The N.C. Hospital Association is rallying local chambers of commerce to pass resolutions in support of a provider-led Medicaid system that doctors and hospitals desperately want to keep in their hands.
The Garner Chamber of Commerce is one of 40 local chambers to do so. Garner Chamber of Commerce president Neal Padgett, said the chamber doesn’t usually dip into politics, but this was something that was important to the hospital chamber members.
“It was important for our local medical community, so we decided to do our part and listen in on the presentation,” Padgett said.
More than 1.8 million people in the state rely on Medicaid for their health care.
The state is considering whether to give the money that pays for the program to insurance companies or hospitals in a new bill when the budget comes out.
Local hospitals and health care providers say they are in the best position to do so effectively, and if the money instead gets in the hands of insurance companies, some hospitals may not get paid for all of their services.
For instance, when a person comes into the hospital for care, the hospital must care for them, no matter the situation. Julia Henry, a spokeswoman for the NCHA said there are times when people come in for care they could have received from their physician. She said if hospitals were to have the money for Medicaid, then they could pay themselves for the service they would have provided.
Insurance companies on the other hand, she said, may say they don’t want to pay for the service they provided.
“We are motivated not to overspend on health care,” Henry said. “An insurance company has to pay shareholders something. If insurance companies are given the money, that money won’t go back into the system.”
Henry said the association believes it is important for the business community to understand why Medicaid matters to everybody. She said in the past few months her organization has been trying to educate the business community and encourage them to support their position.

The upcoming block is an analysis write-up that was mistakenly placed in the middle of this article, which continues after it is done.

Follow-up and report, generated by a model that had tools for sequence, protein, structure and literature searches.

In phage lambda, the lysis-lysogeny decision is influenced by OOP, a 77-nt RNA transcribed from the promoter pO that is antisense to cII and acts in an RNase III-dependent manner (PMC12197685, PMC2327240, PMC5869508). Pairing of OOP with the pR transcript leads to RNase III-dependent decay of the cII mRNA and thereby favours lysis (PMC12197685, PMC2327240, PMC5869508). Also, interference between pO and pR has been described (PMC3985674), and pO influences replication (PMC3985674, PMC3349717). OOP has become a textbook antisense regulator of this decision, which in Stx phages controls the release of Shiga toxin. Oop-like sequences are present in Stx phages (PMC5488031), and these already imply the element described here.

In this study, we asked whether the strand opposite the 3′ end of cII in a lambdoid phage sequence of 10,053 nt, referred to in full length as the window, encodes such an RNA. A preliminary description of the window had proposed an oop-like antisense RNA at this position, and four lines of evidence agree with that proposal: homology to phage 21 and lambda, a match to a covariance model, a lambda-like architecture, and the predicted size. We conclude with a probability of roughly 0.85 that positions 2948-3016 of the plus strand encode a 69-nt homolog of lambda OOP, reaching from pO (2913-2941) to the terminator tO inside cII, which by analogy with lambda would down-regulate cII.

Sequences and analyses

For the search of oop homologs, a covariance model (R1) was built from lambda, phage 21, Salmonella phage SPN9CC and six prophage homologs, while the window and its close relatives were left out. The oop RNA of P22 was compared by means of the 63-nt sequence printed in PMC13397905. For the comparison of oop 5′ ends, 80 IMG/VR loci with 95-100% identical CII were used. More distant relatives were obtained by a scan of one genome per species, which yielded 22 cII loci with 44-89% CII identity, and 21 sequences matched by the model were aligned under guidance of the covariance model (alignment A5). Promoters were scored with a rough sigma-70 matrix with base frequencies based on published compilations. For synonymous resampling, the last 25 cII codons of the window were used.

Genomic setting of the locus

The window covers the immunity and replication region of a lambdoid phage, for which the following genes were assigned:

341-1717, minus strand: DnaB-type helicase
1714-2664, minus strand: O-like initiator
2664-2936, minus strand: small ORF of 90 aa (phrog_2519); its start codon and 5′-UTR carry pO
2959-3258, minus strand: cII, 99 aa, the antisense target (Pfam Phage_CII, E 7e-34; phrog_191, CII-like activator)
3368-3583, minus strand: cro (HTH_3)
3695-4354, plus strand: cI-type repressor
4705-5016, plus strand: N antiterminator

“In the local community if a hospital has a high percentage of Medicaid patients it impacts their bottom line and it means that they have to find other ways to recoup the costs from underfunding of Medicaid,” she said. “And that means privately-insured patients and patients that pay out of pocket pay more for their care.”
Henry said by keeping the money in the hands of hospitals and doctors, they can better manage the funds and put the money back into the system where they can develop programs.
“Our goal is to try to make all of our community healthier,” she said.
Taylor Griffin, a spokesman for N.C. Medicaid Choice, said their goal is the same. N.C. Medicaid Choice is a coalition of insurance companies and managed care providers started to lobby or change in the way the state administers the program.
“What we like to see, and what we think is an approach that suits North Carolina, is a hybrid approach that allows both provider led entities and traditional managed care companies to participate in the reformed North Carolina Medicaid program,” Griffin said. “The idea is to have competition among different plans. Just like people do with regular insurance. It gives the state more options.”
Griffin said the model for traditional managed care companies has already proven effective, as 39 states are currently doing so.
“Provider led models are new and could potential be an effective part of the solution,” Griffin said. “But a hybrid approach allows the state to have the best options for providing improvements and quality for medicaid beneficiaries while protecting tax payers.”
Chambers have passed their resolutions and will now wait word from the General Assembly when the budget is revealed.